Definitions for carrion
ˈkær i əncar·rion
This dictionary definitions page includes all the possible meanings, example usage and translations of the word carrion.
the dead and rotting body of an animal; unfit for human food
Dead flesh; carcasses.
Vultures feed on carrion.
Samuel Johnson's Dictionary
Relating to carcases; feeding upon carcases.
Etymology: from the subst.
Match to match I have encounter’d him,
And made a prey for carrion kites and crows,
Ev’n of the bonny beasts he lov’d so well. William Shakespeare, H. VI.
The charity of our death-bed visits from one another, is much at a rate with that of a carrion crow to a sheep; we smell a carcase. Roger L'Estrange.
Etymology: charogne, Fr.
They did eat the dead carrions, and one another soon after; insomuch that the very carcases they scraped out of their graves. Edmund Spenser, on Ireland.
It is I,
That, lying by the violet in the sun,
Do, as the carrion does, not as the flower. William Shakespeare.
This foul deed shall smell above the earth,
With carrion men groaning for burial. William Shakespeare, J. Cæsar.
You’ll ask me why I rather chuse to have
A weight of carrion flesh, than to receive
Three thousand ducats. William Shakespeare, Measure for Measure.
Ravens are seen in flocks where a carrion lies, and wolves in herds to run down a deer. William Temple.
Sheep, oxen, horses fall; and heap’d on high,
The diff’ring species in confusion lie,
Till, warn’d by frequent ills, the way they found,
To lodge their lothsome carrion under ground. Dryden.
Criticks, as they are birds of prey, have ever a natural inclination to carrion. Alexander Pope.
Shall we send that foolish carrion, Mrs. Quickly, to him, and excuse his throwing into the water. William Shakespeare, Merry Wives of Windsor.
Not all that pride that makes thee swell,
As big as thou dost blown up veal; Nor all thy tricks and slights to cheat,
Sell all thy carrion for good meat. Hudibras.
The wolves will get a breakfast by my death,
Yet scarce enough their hunger to supply,
For love has made me carrion ere I die. Dryden.
Carrion (from Latin caro 'meat') is the decaying flesh of dead animals, including human flesh.
Carrion refers to the decaying flesh of dead animals. It is often used in the context of scavengers, like vultures or hyenas, which feed on such dead and decaying matter.
the dead and putrefying body or flesh of an animal; flesh so corrupted as to be unfit for food
a contemptible or worthless person; -- a term of reproach
of or pertaining to dead and putrefying carcasses; feeding on carrion
Etymology: [OE. caroyne, OF. caroigne, F. charogne, LL. caronia, fr. L. caro flesh Cf. Crone, Crony.]
Carrion refers to the dead and decaying flesh of an animal. Carrion is an important food source for large carnivores and omnivores in most ecosystems. Examples of carrion-eaters include vultures, hawks, eagles, hyenas, Virginia Opossum, Tasmanian Devils, coyotes, Komodo dragons, and burying beetles. Many invertebrates like the burying beetles, as well as maggots of calliphorid flies and Flesh-flies also eat carrion, playing an important role in recycling nitrogen and carbon in animal remains. Carrion begins to decay the moment of the animal's death, and it will increasingly attract insects and breed bacteria. Not long after the animal has died, its body will begin to exude a foul odor caused by the presence of bacteria and the emission of cadaverine and putrescine. Some plants and fungi smell like decomposing carrion and attract insects that aid in reproduction. Plants that exhibit this behavior are known as carrion flowers. Stinkhorn mushrooms are examples of fungi with this characteristic. The word carrion is often used in Danish mythology to describe animals that have been sacrificed and animals that have been killed due to the gods' fury.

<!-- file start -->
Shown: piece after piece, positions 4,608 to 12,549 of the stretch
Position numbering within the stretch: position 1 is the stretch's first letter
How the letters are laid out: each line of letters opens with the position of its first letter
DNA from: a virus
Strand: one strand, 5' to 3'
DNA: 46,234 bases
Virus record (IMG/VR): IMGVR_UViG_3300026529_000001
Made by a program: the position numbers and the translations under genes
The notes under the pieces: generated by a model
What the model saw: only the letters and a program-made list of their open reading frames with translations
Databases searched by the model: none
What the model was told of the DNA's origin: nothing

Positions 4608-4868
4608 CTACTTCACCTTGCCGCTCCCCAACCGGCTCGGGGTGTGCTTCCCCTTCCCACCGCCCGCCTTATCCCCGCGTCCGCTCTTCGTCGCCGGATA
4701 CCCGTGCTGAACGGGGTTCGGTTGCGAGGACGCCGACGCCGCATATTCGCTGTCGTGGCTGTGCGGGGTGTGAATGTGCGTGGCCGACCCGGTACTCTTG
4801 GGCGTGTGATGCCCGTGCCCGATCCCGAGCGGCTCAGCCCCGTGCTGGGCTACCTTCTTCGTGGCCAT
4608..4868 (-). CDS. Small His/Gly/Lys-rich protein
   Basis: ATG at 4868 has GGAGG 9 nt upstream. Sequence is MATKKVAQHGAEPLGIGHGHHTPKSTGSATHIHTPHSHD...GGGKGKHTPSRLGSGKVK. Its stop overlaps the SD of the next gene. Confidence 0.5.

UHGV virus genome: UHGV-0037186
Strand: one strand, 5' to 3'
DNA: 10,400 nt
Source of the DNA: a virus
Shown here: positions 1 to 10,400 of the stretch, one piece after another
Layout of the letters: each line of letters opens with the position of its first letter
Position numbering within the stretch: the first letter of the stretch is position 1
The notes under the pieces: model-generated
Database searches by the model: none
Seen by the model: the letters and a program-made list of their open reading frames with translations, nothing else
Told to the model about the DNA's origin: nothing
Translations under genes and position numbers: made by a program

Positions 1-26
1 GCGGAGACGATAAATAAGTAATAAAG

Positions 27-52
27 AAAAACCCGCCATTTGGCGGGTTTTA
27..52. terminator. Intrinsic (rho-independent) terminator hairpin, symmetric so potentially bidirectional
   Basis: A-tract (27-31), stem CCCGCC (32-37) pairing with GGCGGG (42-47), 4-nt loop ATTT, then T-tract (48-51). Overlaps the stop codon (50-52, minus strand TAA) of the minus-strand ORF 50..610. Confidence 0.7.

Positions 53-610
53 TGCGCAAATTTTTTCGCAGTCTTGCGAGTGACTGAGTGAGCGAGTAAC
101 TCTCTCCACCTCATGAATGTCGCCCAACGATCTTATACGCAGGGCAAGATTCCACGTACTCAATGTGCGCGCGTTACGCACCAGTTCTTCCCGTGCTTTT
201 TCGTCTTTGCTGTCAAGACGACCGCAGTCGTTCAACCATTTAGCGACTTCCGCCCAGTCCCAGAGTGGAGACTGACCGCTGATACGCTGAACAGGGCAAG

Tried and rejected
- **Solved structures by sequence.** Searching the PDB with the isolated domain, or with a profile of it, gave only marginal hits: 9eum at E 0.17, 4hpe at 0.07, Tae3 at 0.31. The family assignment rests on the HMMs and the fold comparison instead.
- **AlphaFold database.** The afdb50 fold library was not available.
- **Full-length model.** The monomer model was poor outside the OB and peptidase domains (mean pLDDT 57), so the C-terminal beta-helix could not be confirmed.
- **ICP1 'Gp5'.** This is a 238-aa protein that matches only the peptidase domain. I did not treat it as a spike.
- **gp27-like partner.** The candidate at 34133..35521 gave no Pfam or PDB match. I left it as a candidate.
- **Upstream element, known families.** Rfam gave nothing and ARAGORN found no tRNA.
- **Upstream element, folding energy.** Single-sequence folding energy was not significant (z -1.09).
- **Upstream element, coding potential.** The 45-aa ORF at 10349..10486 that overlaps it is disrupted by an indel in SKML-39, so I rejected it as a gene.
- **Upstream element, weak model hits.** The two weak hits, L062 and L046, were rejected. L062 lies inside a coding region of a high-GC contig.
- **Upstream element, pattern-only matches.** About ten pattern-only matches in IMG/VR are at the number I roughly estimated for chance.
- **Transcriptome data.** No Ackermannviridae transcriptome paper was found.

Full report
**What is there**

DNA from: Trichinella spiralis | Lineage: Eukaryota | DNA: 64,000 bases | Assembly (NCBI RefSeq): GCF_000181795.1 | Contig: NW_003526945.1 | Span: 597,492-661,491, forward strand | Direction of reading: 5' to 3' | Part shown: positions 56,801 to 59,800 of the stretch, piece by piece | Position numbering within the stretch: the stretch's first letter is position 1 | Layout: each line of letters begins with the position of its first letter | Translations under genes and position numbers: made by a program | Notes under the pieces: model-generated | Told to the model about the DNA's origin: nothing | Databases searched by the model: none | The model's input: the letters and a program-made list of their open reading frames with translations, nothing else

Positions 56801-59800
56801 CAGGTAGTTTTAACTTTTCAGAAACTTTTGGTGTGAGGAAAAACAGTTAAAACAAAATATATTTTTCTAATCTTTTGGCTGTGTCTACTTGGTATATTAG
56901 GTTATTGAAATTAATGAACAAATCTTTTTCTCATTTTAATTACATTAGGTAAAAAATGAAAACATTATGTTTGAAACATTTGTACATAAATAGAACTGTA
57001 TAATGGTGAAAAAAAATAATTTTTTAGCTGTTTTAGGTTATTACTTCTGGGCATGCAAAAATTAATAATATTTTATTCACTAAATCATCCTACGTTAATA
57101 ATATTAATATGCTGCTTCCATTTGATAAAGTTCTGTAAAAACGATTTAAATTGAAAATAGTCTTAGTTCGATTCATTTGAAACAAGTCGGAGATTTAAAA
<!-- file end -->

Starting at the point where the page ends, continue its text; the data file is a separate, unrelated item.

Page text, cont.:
Chambers 20th Century Dictionary
kar′i-un, n. the dead and putrid body or flesh of any animal: anything vile.—adj. relating to, or feeding on, putrid flesh.—n. Carr′ion-crow, a species of crow which feeds on carrion, small animals, &c. [Fr. carogne—Low L. caronia—L. caro, carnis, flesh.]
Surnames Frequency by Census Records
According to the U.S. Census Bureau, Carrion is ranked #3464 in terms of the most common surnames in America.
The Carrion surname appeared 10,316 times in the 2010 census and if you were to sample 100,000 people in the United States, approximately 4 would have the surname Carrion.
87% or 8,981 total occurrences were of Hispanic origin.
9.1% or 941 total occurrences were White.
1.8% or 192 total occurrences were Black.
1.4% or 145 total occurrences were Asian.
0.3% or 33 total occurrences were of two or more races.
0.2% or 24 total occurrences were American Indian or Alaskan Native.
The numerical value of carrion in Chaldean Numerology is: 3
The numerical value of carrion in Pythagorean Numerology is: 6
Does wisdom perhaps appear on the earth as a raven which is inspired by the smell of carrion?
Popularity rank by frequency of use
Translations for carrion
From our Multilingual Translation Dictionary
- емтек, үләкһәBashkir
- леш, мършаBulgarian
- mršina, zdechlinaCzech
- Kadaver, AasGerman
- κουφάρι, ψοφίμι, θνησιμαίοGreek
- haaska, raatoFinnish
- գեշ, լեշArmenian
- 썩은 고기Korean
- kadaver, aasDutch
- kadaver, åtselNorwegian
- мертвечина, падальRussian
- kadaver, asSwedish
- xác chếtVietnamese
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"carrion." Definitions.net. STANDS4 LLC, 2023. Web. 10 Dec. 2023. <https://www.definitions.net/definition/carrion>.